Sparklin’ Google

Well, it’s been a while. Working on a project in New York for the month of June. Little time. Whatever.

But, I just would like to share a comment on Google’s activity, since it seems it is going to propose itself as the real consolidator of not only information, but also of web services.

We already knew about the calendar (calendar.google.com). Before, there was the buying of Writely (www.writely.com, a word processing web service that is being integrated into G’s platform). Now we’re talking about web publishing (real no-fuzz web pages to be created in instants: pages.google.com), online spreadsheets (spreadsheets.google.com), and… yes, the cream on top of it all: note-taking: the Google Notebook -www.google.com/notebook. This is in my opinion the jewel of the crown (at least for the moment). In fact, Google is even integrating all this tools into one “personalized web page”. The idea is not new (Yahoo! had it first). But Google is the first to add personalizable services, beyond information.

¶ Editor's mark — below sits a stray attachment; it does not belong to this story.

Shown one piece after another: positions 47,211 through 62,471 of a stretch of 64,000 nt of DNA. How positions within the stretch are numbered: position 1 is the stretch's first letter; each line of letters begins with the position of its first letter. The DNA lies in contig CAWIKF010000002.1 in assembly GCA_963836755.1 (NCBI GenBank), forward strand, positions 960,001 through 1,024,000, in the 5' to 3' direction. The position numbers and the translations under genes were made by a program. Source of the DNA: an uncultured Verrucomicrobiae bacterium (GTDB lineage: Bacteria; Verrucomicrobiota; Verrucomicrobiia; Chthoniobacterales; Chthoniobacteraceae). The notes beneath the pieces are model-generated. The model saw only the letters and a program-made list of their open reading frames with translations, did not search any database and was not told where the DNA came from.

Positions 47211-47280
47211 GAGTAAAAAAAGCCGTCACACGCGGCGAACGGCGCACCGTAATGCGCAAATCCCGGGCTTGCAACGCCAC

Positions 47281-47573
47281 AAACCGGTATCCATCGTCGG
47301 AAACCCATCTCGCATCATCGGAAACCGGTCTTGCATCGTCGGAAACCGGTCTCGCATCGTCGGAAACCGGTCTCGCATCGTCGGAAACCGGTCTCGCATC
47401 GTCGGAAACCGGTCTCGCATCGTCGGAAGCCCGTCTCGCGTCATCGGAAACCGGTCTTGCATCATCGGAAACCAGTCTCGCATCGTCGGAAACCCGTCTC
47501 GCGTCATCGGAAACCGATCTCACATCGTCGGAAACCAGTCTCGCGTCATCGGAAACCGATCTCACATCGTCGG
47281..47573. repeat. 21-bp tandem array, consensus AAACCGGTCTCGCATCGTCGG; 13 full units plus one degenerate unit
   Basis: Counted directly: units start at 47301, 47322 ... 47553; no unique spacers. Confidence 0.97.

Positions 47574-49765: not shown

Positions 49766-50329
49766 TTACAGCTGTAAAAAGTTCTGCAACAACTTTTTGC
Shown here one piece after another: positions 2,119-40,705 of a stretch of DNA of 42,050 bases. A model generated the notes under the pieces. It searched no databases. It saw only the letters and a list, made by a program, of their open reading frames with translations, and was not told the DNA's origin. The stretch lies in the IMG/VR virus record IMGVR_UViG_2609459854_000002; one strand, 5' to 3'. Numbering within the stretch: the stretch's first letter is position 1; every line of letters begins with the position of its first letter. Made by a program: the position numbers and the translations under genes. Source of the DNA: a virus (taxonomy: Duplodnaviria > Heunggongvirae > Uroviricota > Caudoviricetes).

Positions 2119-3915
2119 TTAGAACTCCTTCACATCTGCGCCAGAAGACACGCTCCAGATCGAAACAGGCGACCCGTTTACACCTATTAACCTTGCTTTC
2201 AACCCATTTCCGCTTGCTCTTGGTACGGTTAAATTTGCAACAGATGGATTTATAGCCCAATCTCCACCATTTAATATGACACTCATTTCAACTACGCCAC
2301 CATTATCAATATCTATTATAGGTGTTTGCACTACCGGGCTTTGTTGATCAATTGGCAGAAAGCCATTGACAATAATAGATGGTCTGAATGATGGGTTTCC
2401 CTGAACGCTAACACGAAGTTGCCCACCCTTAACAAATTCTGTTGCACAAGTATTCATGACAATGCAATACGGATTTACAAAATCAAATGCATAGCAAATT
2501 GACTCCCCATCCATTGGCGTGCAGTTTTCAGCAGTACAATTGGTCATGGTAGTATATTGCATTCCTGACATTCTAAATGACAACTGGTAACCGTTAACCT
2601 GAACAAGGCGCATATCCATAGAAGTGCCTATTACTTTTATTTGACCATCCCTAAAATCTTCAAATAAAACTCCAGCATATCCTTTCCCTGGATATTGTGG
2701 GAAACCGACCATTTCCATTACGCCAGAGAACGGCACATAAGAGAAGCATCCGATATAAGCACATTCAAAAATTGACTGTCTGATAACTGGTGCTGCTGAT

Let us see: with Goggle Notebook you can:

Add clippings of text, images and links from web pages […] without ever leaving your browser window. You can organize your notes. You can create multiple notebooks, divide them into sections, and drag-and-drop your notes to stay organized.” Plus, you can -of course!- share your Google Notebook with the world by making it public.

It sounds too good, and it certainly is. 

Now let us consider it all: Google is transforming itself into a magical desktop of information and tools/services, all web-based. This means we won’t need to leave our browser (good news for Firefox, its open architecture is just done for this!). Of course this are great news for Google itself, since it is gaining access, gratis, to our lives, our private information, our writing, our ideas, whatever flows through our minds. Can you figure myself doing my taxes spreadsheet on Google? What if that information goes into the wrong hands? I might not get that mortgage I’d like! Or worse.
So, the whole picture is missing some big words here: trust. What is Google willing to do to deserve (really deserve!) our trust?

Actually a lot, lately. I read about a Sergey talk on the idea Google might suspend its deal with China, regarding censorship. I don’t know if ot will happen, but it is a discourse worth following.

About Antonio Vantaggiato

Professor, web2.0 enthusiast, and didactic chef.
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